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  Wikipedia: Breakdancing

Wikipedia: Breakdancing
Breakdancing
From Wikipedia, the free encyclopedia.

Breakdancing is a form of acrobatic dance that is part of hip hop culture. Breakdancing is one of the four elements of hip hop.

History

Breakdancing is probably connected to Urban Street Jazz or more likely capoeira, an Afro-Brazilian dance/martial art. Breakdancing as we know it today developed in New York City in the late 1970s and early 1980s, although there is some controversy, and many argue that breakdancing was also developing in Los Angeles at the same time.

In New York, DJ Kool Herc was the first person to coin the term 'b-boy' in 1969. During performances were Herc would be DJing, he would yell out "b-boys go down!" which cued the dancers to begin breakdancing. 1969 was also the year that James Brown recorded "Get on the Good Foot," a song that promoted high-energy, acrobatic dancing.

Prototypically the pioneers of breakdancing were young and of a lower socioeconomic class. The majority of these were male, and most were Black or Hispanic, and lived in dense urban areas (mostly New York). Many of them were members of street gangs who taught themselves martial arts (particularly capoeira) for self defense. The style was so full of dance-like moves that it translated well to the nightclub, where breakdancers would battle.

Breakdancing battles were very common. A breakdancing battle is when dancers 'fight' against each other on the dance floor without contact. They form a circle and take turns trying to show each other up through either better style, more complex move combinations, or tougher moves. Usually, breakdancing battles would take place between two opposing breakdancing crews. Some of the major crews are the Zulu Nation, Rock Steady Crew (RSC), Style Elements, Ichigeki, Team OHH, Fireworks, Havikoro, Furious Five and Airforce Crew.

In the 1980s, with the help of pop culture, breakdancing made its way to the suburbs. Musicians such as Michael Jackson popularized much of the breakdancing style in their music videos. Movies such as Flashdance, Wild Style, Beat Street, Breakin' and Breakin 2: The Electric Boogaloo also contributed to breakdancing's growing appeal.

Many oldschool breakdancers prefer to be referred to as b-boys. "B-boy" was the original term for urban style dancers, while "breakdancer" is better known as it has been used more commonly by the media. The 'B' in b-boy doesn't correspond to a specific word, but most likely means "Boogaloo" or "Break." Today, the term 'B-Girl' is used as well.

Fashion

For the breakdancer, fashion is an important aspect of their identity. Most breakdancers dressed wearing Adidas shoes with fat (thick) laces. They also wore nylon jumpsuits which were functional as well as fashionable. The slick surface allowed the breakdancer to slide on the floor much easier than if he had been wearing a cotton shirt.

Dance

In its early form, breakdancing was divided into three distinct forms of dancing, breaking and popping. Today, each body movement has been classified into a distinct style or genre of breaking and is similar in principle to others but characteristically different.

Other styles of dance associated with breakdancing include Popping, Locking, Tutting, Boogaloo, Uprock, and Liquid. These are not the same as breakdancing, although often are incorporated.

The most basic breakdance moves are the 6-step and toprock. The rest of the dance is founded around these two elements. Dancers usually begin by toprocking, and then continue by going down to the floor and performing a 6-step or 4-step that may be heavily 'teched' (variated). The 6-step provides a base for other more complex moves to be formed, as well as power moves.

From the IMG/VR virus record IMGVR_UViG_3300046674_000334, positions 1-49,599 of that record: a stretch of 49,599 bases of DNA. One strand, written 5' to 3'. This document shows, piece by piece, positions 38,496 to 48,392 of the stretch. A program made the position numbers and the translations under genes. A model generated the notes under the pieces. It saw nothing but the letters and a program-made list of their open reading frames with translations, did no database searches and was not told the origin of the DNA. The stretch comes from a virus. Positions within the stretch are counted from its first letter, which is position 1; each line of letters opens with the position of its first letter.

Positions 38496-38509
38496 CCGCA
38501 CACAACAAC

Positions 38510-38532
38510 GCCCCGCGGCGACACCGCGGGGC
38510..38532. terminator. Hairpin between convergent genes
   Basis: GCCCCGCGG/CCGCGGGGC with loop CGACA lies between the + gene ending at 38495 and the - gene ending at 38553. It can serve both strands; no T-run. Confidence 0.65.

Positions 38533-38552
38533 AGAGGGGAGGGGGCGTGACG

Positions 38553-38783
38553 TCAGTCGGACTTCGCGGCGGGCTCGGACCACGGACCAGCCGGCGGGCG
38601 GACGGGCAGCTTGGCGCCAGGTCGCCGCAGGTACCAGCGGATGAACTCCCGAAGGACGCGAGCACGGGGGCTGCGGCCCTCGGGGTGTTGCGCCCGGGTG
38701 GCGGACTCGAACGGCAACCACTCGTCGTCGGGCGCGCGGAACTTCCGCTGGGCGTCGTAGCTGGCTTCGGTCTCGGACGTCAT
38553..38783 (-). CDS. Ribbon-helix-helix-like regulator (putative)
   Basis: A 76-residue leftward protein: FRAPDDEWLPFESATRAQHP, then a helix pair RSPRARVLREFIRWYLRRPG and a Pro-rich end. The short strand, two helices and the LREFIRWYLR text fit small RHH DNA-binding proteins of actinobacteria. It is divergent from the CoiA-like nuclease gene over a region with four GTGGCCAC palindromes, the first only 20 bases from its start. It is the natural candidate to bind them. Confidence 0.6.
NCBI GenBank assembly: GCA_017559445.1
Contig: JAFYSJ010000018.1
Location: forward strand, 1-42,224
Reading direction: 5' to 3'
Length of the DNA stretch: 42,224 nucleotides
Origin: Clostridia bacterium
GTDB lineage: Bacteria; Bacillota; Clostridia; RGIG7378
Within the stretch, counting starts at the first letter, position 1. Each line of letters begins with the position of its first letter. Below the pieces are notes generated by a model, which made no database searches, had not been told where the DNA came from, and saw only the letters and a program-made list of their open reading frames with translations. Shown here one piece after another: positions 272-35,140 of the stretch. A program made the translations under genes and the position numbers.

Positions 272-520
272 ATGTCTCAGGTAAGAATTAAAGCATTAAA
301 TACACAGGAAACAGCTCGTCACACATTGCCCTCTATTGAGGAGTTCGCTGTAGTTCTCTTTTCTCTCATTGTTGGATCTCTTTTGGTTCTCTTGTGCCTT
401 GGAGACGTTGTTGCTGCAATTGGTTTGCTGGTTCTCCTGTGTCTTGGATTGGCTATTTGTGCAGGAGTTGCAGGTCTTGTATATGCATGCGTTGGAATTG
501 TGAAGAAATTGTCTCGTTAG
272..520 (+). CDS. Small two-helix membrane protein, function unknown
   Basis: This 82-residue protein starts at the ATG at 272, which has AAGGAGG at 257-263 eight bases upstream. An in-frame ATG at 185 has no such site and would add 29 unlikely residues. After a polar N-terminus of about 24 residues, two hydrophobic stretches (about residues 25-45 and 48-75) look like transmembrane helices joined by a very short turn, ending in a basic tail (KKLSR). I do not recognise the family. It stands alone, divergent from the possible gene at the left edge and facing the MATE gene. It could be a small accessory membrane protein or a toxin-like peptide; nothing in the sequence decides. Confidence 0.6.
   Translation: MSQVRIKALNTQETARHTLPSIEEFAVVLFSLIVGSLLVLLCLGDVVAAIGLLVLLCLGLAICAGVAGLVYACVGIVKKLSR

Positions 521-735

After performing a 6-step to begin the dance, and then performing a power move, the breakdancer will usually end the dance with a 'freeze' which is when he contorts his body to a strange position and literally freezes, stopping all dance motion. The breakdancer wil usually hold the freeze for a second or two. There are nearly infinite variations on freezes, and coming up with new freezes greatly enhances the breakdancers style.

Breakdancers often call any dancing that takes place on the ground 'downrock' as opposed to uprock or toprock.

Much of being a successful breakdancer is about having style. The constant debate between b-boys is a debate of who has the most style. Since anyone can learn to breakdance, the dancers must deviate from the set dances slightly to use their own style. In this way they can show-up other breakdancers during battles, thus winning the battle.

Power Moves

Power moves are the breakdancing moves that often require incredible skill and flexibility to complete. The major power moves are:

Basic Moves

  • Toprock is a simple dance done standing up to initiate breakdancing. It's style is obvious to anyone watching, because it is incredibly unorthodox looking. Breakdancers take pride in having unique toprock that still stays within the definition of what toprock actually is.

  • Uprock is doing a toprock with someone else, sort of like a fight but without contact and very rhythmatic. Uprocking is often confused with toprock, but the two are completely different dances

  • The basic 6-step resembles walking in a circle on the ground. Only one hand is touching the ground at a time. The 6-step is the building block for the rest of the dance, and is heavily 'teched' or modified to allow for variation and style.

  • Moonwalk: A move where a dancer slides backward while their legs appear to be walking forward.

  • The Worm: A move in which a dancer lies on the ground and forms a rippling motion though his body.

  

From Wikipedia, the free encyclopedia. 
Modified by Geona